Facing competition from mass-produced items and lacking heirs to take up the trade, the traditional craft is in danger of dying out.
Tan’s more-than-a-century-old shop in downtown Singapore, tucked between hip cafes and boutiques, is one of the city-state’s last effigy establishments still making the wooden statues by hand.
The 92-year-old great-grandmother has been making the wooden statues since her arranged marriage to effigy craftsman Ng Tian Sang at the age of 18.
“I sat beside (my husband) and watched… when he left to buy things or run errands I would take over, then he would come back and tell me what I did wrong,” Tan told AFP while using the wooden paddle to roll out a piece of dough made of joss stick ash using a secret family recipe.
She rolled out the mixture until it was a thin thread, then used two bamboo sticks to attach it to a wooden statue in an intricate pattern to demonstrate thread sculpture, a traditional carving technique from southeastern China.
Although she is now retired from crafting, she comes to the Say Tian Hng Buddha Shop daily, helping out with odd tasks from her desk at the front of the traditional shophouse stacked with hundreds of gods looking out from the shelves.
Her son, 71-year-old Ng Yeow Hua, runs the shop, making, selling and repairing Taoist and Buddhist idols for temples and devotees.
Like many Singaporeans, the family’s origins can be traced back to China, from where many people emigrated in the 19th and early 20th centuries in search of a better life.
Ng’s grandfather founded the shop along with his brother in 1896, after moving to Singapore from Kinmen, an island in modern-day Taiwan.
Ng’s son, Ng Tze Yong, is now reinventing the business by running tours of the workshop as well as educational programmes on Chinese culture.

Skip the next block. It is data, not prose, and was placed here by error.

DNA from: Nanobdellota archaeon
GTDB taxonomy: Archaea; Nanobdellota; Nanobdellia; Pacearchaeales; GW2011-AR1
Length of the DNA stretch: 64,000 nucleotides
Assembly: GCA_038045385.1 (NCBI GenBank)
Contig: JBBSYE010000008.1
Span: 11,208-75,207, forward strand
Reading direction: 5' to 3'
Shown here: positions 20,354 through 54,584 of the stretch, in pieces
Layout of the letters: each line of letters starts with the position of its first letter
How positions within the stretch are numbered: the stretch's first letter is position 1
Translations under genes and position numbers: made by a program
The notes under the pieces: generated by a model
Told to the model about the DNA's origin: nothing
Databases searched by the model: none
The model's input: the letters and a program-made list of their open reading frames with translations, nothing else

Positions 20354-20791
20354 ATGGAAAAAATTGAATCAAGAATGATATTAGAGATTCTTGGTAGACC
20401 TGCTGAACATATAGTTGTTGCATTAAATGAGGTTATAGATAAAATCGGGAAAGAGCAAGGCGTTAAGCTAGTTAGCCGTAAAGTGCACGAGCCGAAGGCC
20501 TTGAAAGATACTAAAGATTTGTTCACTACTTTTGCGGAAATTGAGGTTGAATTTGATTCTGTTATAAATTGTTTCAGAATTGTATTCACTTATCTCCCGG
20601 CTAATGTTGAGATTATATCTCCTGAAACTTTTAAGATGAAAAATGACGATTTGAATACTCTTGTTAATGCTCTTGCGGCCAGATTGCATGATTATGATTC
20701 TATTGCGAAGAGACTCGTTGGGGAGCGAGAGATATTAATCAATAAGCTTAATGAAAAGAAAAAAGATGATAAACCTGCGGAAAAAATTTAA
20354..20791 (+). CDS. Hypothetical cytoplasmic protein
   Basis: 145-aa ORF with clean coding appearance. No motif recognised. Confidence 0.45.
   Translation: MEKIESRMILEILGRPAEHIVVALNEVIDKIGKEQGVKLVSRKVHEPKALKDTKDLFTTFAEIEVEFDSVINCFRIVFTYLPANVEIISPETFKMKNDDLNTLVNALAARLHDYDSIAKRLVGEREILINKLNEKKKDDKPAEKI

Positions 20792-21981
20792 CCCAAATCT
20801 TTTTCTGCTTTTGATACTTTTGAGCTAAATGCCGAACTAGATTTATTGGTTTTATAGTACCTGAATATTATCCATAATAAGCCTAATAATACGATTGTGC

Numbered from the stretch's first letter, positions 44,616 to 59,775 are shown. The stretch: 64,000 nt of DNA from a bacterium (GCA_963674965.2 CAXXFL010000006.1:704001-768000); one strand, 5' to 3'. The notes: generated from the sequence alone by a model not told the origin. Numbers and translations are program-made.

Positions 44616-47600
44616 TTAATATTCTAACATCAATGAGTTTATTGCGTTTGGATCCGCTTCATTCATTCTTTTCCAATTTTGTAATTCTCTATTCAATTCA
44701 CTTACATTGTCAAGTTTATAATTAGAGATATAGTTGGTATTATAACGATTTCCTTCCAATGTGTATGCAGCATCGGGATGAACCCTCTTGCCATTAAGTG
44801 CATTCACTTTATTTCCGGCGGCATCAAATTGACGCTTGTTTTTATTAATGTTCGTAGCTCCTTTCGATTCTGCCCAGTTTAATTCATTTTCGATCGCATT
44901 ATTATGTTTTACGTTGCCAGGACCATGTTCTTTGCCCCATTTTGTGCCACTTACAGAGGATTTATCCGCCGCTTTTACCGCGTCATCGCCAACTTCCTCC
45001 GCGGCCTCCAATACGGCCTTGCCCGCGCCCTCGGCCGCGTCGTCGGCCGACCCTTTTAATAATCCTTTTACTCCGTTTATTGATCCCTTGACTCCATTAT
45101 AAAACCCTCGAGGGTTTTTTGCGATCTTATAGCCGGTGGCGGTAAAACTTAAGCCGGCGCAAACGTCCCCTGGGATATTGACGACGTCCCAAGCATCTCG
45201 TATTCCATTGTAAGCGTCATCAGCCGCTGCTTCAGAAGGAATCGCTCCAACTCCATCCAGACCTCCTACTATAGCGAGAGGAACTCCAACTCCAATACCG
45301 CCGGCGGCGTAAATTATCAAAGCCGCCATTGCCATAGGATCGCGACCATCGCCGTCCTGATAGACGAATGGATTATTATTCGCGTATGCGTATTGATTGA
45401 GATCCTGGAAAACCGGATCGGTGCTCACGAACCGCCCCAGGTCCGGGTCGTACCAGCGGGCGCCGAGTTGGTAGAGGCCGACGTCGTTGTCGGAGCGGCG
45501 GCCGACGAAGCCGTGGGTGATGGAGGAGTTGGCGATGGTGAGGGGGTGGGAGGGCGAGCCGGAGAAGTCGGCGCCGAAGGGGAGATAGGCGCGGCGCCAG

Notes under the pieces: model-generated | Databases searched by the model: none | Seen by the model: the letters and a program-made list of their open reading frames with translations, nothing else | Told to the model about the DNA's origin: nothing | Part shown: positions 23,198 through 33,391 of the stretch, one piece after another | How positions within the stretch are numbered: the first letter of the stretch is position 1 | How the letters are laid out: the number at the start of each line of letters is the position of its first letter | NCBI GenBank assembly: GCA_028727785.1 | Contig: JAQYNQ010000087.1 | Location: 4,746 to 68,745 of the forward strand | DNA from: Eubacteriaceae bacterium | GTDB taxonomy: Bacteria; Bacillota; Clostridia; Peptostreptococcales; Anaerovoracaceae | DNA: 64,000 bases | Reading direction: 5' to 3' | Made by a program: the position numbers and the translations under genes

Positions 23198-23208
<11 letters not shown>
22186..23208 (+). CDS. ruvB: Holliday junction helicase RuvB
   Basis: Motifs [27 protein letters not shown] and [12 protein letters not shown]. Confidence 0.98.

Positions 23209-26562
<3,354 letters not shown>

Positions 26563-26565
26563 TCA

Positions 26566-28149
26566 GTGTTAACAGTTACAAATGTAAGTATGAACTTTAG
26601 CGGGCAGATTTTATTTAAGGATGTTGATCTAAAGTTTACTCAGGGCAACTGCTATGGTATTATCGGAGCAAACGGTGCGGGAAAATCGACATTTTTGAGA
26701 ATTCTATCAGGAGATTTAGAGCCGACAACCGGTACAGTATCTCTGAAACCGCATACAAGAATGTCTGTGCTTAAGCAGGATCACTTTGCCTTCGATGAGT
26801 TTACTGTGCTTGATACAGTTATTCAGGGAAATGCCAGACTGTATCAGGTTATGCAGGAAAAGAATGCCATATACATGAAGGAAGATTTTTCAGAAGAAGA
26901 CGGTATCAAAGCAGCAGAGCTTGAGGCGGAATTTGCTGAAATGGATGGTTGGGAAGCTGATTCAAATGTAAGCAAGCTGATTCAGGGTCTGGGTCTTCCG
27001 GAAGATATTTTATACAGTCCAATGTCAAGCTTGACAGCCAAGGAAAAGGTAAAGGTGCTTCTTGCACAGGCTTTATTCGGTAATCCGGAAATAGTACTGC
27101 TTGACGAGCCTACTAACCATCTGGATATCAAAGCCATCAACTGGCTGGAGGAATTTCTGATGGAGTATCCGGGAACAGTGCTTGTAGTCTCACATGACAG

Ng hopes the art can be passed down through the generations.
“If (my son) has the interest he can continue, but don’t force it,” he told AFP.
To ensure that the art continues, the 43-year-old former journalist decided to become an apprentice several years ago. He now works in the shop one day a week, in addition to his day job at a local charity.
Beauty of imprefection
Handmade effigies take up to three months to make by artisans who must pick up the skills over years of informal learning and are entrusted with trade secrets passed down over generations.
In comparison, machine-made statues are mass-produced, cost a fraction of the price and can be delivered quickly.
“The customers that come to us believe in the beauty of imperfection, of things made by hand… in the authenticity of something that is made to worship divinity,” the younger Ng said.
“But yes, it has caused a decline in the business,” he admitted.
“I’m trying to learn the craft from my dad and my grandma before it’s too late.”
In addition to learning decorative techniques, he must familiarise himself with scores of Taoist deities, each with a unique story.
“In Taoism (there) is this idea that you don’t have to be perfect. None of these gods are perfect,” he said.
For example, legend has it that the monkey god rebelled against heaven but redeemed himself after protecting a monk on a journey to procure holy texts from India. He is sometimes depicted with golden eyes believed to be able to spot evil.
For the family, the pieces play an important role in the lives of their customers when they are going through rough patches.
“Throughout that time, these effigies were the ones that gave them the hope and encouragement to move on… so we take that very seriously,” Ng said.
He is recording all of his family’s knowledge and eventually hopes to take on other apprentices to ensure the shop can keep operating beyond his generation.
“The fact is that if (I) don’t do anything, the shop dies.”